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example, if your life be pure and gentle, it bears all day long a clear-toned witness for your Lord.

This, then, is to do all in His name ;-to do all for His sake, in His sight, and in witness for His person and His kingdom. But who can hear it without trembling? If this be our calling, what must be our judgment ? Our election is fearful and blessed : to live for His name in Whose blood alone we can wash our sins, our prayers, and our repentance.

Let us try, as best we may, to lay this great truth to heart, by dwelling on some direct and practical inferences from it, bearing upon our daily life. It shows us, then:

1. First, that sin in a Christian is a plain denial of Christ. It denies His name more emphatically than to say, “I know not the Man.” In early times, when the Church was under heathen persecution, Christians were required by the enemies of Christ to deliver up their sacred vessels, the paten and the chalice of the holy Eucharist, and the volumes of Holy Scripture. By giving up these consecrated trusts, they might make an easy purchase of life; and more than this, they were led to the lighted altars of Pagan worship, and if they would so much as cast a grain of incense upon the glowing embers, they were set free. But these light acts were pregnant with an intense meaning. They were implicit denials of the name of Christ, constructive treason against the kingdom of the Son of God. His true servants rather died than deny Him by so much as this silent homage to the kingdom of darkness, by the slightest ambiguous motion of hands or lips. Such is our probation now. The least acts of sin are louder than the loudest recital of the faith. One such act drowns ail our confessions and creeds. They make themselves heard above all our specious and weak words of religious intention. One sin of sensuality, pride, falsehood, or malignity, deliberately conceived, consciously put in act, is an overt and high rebellion.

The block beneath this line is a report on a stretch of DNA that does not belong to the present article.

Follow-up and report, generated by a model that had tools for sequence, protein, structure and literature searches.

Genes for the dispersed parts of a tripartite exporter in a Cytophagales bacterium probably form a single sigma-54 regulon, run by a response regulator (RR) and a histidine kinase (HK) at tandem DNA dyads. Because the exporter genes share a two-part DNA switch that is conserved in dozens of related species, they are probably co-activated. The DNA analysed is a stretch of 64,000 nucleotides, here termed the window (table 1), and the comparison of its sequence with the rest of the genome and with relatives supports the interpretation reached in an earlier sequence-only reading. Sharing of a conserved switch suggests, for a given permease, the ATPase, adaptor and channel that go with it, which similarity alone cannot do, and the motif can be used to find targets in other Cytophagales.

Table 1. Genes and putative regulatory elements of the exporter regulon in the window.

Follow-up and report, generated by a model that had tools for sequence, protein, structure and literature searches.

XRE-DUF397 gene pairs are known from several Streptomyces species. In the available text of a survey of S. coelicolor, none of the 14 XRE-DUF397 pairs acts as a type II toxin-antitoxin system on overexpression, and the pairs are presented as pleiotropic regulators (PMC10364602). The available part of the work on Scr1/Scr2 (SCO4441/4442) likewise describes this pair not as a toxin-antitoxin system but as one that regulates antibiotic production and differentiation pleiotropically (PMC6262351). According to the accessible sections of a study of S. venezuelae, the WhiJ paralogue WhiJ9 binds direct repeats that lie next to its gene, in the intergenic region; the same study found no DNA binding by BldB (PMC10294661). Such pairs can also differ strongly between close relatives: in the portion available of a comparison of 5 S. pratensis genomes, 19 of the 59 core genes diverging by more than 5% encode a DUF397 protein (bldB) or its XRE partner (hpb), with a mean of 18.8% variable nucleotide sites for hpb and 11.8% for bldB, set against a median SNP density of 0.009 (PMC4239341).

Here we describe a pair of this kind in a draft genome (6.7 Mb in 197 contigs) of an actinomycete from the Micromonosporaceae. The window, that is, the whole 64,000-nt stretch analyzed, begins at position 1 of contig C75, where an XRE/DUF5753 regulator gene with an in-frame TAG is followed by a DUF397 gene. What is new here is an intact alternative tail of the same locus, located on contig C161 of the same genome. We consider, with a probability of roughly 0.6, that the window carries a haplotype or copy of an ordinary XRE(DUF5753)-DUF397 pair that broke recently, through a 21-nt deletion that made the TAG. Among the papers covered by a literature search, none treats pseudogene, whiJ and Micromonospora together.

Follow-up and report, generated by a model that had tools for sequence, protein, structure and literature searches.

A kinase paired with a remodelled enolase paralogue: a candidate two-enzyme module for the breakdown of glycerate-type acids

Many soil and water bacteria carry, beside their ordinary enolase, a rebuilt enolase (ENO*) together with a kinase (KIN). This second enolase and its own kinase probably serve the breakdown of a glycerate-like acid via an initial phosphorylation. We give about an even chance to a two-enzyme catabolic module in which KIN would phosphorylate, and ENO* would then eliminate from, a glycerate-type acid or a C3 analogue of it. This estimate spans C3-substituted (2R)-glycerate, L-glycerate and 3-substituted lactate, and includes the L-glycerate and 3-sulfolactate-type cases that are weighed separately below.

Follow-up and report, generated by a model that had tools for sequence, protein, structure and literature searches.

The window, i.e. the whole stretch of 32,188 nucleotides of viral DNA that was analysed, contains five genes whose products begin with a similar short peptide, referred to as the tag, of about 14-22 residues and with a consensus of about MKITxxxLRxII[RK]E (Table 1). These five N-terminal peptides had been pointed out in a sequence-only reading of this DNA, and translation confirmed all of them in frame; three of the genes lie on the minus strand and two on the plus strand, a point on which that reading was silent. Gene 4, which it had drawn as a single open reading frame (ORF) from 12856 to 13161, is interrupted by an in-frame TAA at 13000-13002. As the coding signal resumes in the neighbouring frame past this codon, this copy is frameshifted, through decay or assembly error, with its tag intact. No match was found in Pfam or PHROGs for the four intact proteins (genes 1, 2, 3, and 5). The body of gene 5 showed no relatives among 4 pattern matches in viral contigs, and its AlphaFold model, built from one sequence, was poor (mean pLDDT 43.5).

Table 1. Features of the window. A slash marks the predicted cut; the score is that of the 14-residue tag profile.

name.

For what is it but to take the side of antichrist, .n the warfare between heaven and earth—to swell the powers of darkness, and to lift up our weapons among the banners of the evil one? Sometimes the greatest secret treachery is found under a religious cloak, as in schism for spurious charity and lax indul. gence of other men's sins. But howsoever concealed, it is only an illusion of Satan. Sometimes it is by a temper contrary to this. Insubordination, uncharitableness, a bitter spirit, selfish insensibility of the spiritual dangers of those for whom Christ died; these again are so many denials of His

What will it avail at that day to say, “Lord, Lord, have we not prophesied in Thy name: and in Thy name have cast out devils, and in Thy name done many wonderful works?" “ We have eaten and drunk in Thy presence, and Thou hast taught in our streets.

But He shall say, I tell you I know you not.” ?